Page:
The advantage of Option 3 is that it leverages existing AMD IP and repurposes a high bandwidth, low latency interface that’s already designed to communicate with a number of disparate devices. That makes it more likely than Option 2, which is more of a theoretical “AMD could build this” than a practical proposal with any basis in shipping AMD products. AMD’s whitepaper talks about the flexibility of the HD 7000 family’s memory controller and its ability to handle “asynchronous compute” tasks. These are exactly the sort of features Sony is implementing.
Wider compute engines, supercharged buses
After considering the alternatives, Option 1 still seems the most likely approach. Llano and Piledriver don’t incorporate the kind of HSA capabilities that Cerny says the PS4 offers, but they could be modified to include such. We know AMD’s first HSA-capable APU will be Kaveri, which will supposedly ship by the end of the year, and it makes sense that the PS4, at least, might incorporate similar capabilities in the same time frame.
HSA (or HSA-like capabilities) could emerge as an important distinction between the Xbox Durango and PS4. It’s possible that Microsoft’s own hardware will also be capable of sharing compute tasks the way Sony is emphasising, but MS has played things much tighter to its chest. It’s worth noting, however, that all of the Xbox leaks to date have pointed to a conventional CPU-GPU architecture built on exactly the Llano/Piledriver model.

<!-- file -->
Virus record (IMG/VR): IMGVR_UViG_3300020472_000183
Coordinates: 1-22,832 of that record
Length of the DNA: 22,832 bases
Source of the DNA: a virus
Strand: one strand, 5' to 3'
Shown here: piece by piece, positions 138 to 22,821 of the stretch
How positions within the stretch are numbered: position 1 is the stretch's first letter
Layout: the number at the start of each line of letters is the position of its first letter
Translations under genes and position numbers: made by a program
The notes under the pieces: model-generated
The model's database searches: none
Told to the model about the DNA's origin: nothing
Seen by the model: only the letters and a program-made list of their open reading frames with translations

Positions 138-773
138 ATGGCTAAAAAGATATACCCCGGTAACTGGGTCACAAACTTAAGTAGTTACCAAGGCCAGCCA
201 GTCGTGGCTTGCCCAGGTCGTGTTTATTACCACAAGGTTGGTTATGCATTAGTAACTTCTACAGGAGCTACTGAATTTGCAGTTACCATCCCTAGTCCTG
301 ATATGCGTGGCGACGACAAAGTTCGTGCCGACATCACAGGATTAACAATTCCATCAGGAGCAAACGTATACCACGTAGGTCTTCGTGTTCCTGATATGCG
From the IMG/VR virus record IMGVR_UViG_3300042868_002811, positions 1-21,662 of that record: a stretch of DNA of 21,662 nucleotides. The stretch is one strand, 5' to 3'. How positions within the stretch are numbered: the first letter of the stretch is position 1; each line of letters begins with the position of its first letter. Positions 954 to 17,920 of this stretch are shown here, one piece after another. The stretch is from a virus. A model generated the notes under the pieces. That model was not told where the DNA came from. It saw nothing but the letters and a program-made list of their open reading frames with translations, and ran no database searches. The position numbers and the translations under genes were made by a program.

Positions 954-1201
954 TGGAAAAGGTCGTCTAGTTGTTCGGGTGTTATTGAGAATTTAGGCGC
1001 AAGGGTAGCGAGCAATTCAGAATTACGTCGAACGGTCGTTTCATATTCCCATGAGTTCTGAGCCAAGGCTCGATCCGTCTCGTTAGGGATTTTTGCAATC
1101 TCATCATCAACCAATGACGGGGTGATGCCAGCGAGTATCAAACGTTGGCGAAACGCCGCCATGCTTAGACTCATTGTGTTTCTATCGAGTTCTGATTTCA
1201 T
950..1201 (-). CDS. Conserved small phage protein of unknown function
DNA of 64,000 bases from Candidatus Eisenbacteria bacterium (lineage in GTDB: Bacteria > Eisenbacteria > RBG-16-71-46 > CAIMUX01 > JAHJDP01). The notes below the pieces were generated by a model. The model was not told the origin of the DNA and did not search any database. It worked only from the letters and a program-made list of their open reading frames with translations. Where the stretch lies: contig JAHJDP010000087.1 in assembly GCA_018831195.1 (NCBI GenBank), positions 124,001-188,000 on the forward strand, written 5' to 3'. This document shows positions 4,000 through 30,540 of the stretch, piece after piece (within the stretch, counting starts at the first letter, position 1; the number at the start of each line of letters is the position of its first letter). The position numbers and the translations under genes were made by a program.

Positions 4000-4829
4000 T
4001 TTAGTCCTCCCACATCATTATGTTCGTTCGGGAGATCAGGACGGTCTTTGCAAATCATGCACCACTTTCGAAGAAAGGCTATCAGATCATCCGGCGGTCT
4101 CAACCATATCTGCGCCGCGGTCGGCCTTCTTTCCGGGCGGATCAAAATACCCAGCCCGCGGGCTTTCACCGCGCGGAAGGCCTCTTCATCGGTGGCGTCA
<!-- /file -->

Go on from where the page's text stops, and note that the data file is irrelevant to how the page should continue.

Durango, in other words, sounds just like Kabini. And Kabini, according to AMD, doesn’t have next-generation HSA support. Cerny is painting the PS4 as a hybrid that, while also based on AMD’s Jaguar core, incorporates additional features.
Will this be enough to put the PS4 ahead of the Xbox in the next generation? That’s unclear.
The PS3 tried a similar strategy and failed miserably. But this time around, Sony may have picked better targets for its optimisations. It looks as though the PS4 will have specific capabilities that go beyond simply having more graphics cores or a faster CPU – and that could give it the advantage, this time around.
While you're here, you might also want to take a look at: AMD's next-generation APU should feature in Kaveri, Xbox 720, and the PS4.
Thanks to Peter Bright at Ars Technica for helping to hash out some of the underlying possibilities and for diagram assistance.
Image Credit: Digitoll